Objective: The aim of this study was to examine the relationship between cortical development and cerebral electrical activity at early gestational ages. Methods: We obtained EEGs (7.2 ± 3.8 days) and MR brain images (3.2 ± 2.9 days) after birth in 17 <30 week gestation infants without evidence of focal brain injury The EEGs were assessed for discontinuity and characteristic maturational features (delta brush, occipital and temporal sawtooth); cortical development was quantified from MR scans using a specially designed computer programme to measure cortical folding. Results: The inter-burst interval shortened and cortical folding increased with increasing post-menstrual age (PMA). In contrast, the minimum duration of bursts was independent of PMA and cortical folding. Delta brush (8-20 Hz activities) was seen at all PMAs; temporal and occipital sawtooth activities were always more prominent than delta brush but were seen less frequently with increasing PMA and complexity of cortical folding. Conclusion: There was a positive correlation between some but not all maturational features of the preterm neonatal EEG and the complexity of whole brain cortical folding and PMA. These relationships were strong for the inter-burst interval, a global measure of maturation, but not strongly seen for regional features such as occipital and temporal sawtooth within this gestational age range. Significance: Combining neurophysiological examination with detailed neuroimaging gives insights into developmental changes occurring in the very preterm brains and suggests further comparative studies focusing on measures of focal brain development at different gestational ages.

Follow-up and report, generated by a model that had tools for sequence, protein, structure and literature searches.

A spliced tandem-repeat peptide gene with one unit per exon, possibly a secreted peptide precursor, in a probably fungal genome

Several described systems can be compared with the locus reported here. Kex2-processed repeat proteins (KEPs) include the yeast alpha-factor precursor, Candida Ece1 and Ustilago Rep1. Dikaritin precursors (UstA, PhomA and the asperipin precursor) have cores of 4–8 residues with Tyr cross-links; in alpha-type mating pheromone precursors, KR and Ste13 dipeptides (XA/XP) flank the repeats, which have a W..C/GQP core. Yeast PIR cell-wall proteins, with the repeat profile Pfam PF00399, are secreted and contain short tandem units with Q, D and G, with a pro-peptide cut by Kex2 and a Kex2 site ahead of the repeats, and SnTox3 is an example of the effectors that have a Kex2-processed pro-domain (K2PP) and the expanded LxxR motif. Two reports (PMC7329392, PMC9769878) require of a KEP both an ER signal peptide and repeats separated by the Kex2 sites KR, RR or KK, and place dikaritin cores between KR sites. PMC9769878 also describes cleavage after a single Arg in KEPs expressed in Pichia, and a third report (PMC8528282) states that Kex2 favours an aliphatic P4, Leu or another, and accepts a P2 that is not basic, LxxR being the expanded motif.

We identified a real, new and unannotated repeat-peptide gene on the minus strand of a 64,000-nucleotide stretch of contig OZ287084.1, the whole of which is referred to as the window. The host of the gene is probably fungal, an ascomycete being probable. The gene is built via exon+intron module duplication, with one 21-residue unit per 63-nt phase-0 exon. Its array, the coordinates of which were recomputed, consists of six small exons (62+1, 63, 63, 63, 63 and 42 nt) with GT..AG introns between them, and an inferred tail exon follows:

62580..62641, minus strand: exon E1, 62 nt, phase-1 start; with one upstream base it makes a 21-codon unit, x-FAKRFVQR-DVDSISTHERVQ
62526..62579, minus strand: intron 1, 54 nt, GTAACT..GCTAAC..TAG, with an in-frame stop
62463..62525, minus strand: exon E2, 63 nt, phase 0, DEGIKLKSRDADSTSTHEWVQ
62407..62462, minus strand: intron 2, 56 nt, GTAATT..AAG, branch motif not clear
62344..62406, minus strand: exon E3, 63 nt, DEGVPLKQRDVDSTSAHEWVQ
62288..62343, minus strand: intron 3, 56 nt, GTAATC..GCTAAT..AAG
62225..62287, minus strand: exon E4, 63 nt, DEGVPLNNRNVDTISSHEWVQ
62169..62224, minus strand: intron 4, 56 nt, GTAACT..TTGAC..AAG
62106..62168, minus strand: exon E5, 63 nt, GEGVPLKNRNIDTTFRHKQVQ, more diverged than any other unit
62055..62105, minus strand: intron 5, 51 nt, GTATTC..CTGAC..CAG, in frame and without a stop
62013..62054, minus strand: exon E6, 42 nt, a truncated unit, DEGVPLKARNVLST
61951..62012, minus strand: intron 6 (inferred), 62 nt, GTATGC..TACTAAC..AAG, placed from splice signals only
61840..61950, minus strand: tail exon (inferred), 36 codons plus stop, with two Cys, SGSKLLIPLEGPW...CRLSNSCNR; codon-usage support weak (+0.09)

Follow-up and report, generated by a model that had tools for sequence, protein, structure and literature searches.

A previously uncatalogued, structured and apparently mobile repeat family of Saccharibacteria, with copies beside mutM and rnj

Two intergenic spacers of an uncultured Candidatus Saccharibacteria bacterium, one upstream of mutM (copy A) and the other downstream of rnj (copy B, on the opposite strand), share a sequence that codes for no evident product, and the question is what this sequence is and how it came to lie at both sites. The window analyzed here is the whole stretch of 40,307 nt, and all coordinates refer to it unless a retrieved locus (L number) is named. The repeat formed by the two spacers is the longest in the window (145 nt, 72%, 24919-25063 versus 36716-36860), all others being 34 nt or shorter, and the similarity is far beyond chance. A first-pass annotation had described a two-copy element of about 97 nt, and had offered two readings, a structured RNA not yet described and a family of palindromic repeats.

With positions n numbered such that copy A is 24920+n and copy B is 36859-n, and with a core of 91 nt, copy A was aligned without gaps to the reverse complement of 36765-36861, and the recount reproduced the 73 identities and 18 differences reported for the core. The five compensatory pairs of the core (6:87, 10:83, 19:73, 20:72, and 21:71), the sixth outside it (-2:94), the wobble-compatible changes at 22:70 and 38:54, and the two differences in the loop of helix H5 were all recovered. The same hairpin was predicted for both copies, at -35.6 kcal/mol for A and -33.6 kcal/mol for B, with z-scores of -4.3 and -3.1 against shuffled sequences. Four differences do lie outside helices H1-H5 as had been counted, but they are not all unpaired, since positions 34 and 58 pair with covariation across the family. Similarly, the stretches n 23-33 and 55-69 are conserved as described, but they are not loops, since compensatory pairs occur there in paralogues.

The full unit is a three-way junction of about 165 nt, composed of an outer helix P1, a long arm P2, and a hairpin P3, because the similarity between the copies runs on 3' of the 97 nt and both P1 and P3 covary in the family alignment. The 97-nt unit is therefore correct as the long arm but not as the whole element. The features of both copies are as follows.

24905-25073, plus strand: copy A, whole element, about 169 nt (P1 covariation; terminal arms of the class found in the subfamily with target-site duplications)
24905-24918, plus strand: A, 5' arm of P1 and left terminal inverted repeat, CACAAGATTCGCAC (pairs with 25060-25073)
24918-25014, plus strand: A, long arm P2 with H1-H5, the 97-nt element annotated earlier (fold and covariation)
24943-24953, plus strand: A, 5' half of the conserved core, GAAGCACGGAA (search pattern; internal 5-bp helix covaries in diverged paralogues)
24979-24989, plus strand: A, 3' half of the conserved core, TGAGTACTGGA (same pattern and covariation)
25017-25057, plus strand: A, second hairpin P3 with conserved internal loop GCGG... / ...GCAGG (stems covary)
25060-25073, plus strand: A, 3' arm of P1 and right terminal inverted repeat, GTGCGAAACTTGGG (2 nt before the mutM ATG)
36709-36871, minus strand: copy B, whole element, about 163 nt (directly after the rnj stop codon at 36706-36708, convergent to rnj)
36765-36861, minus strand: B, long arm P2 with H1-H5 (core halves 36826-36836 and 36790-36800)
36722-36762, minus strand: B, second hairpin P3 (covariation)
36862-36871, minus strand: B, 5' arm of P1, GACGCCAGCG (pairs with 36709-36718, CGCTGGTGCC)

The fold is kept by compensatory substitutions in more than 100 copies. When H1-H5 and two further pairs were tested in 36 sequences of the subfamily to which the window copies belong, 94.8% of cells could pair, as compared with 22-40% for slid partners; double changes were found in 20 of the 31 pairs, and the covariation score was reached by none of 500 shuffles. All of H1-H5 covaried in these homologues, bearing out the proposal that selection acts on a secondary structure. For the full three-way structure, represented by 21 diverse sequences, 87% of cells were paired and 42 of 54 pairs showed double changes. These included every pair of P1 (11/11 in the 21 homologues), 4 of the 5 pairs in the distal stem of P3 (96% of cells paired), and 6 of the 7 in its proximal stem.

ASJC Scopus subject areas
- Clinical Neurology
- Radiology Nuclear Medicine and imaging
- Sensory Systems
- Physiology (medical)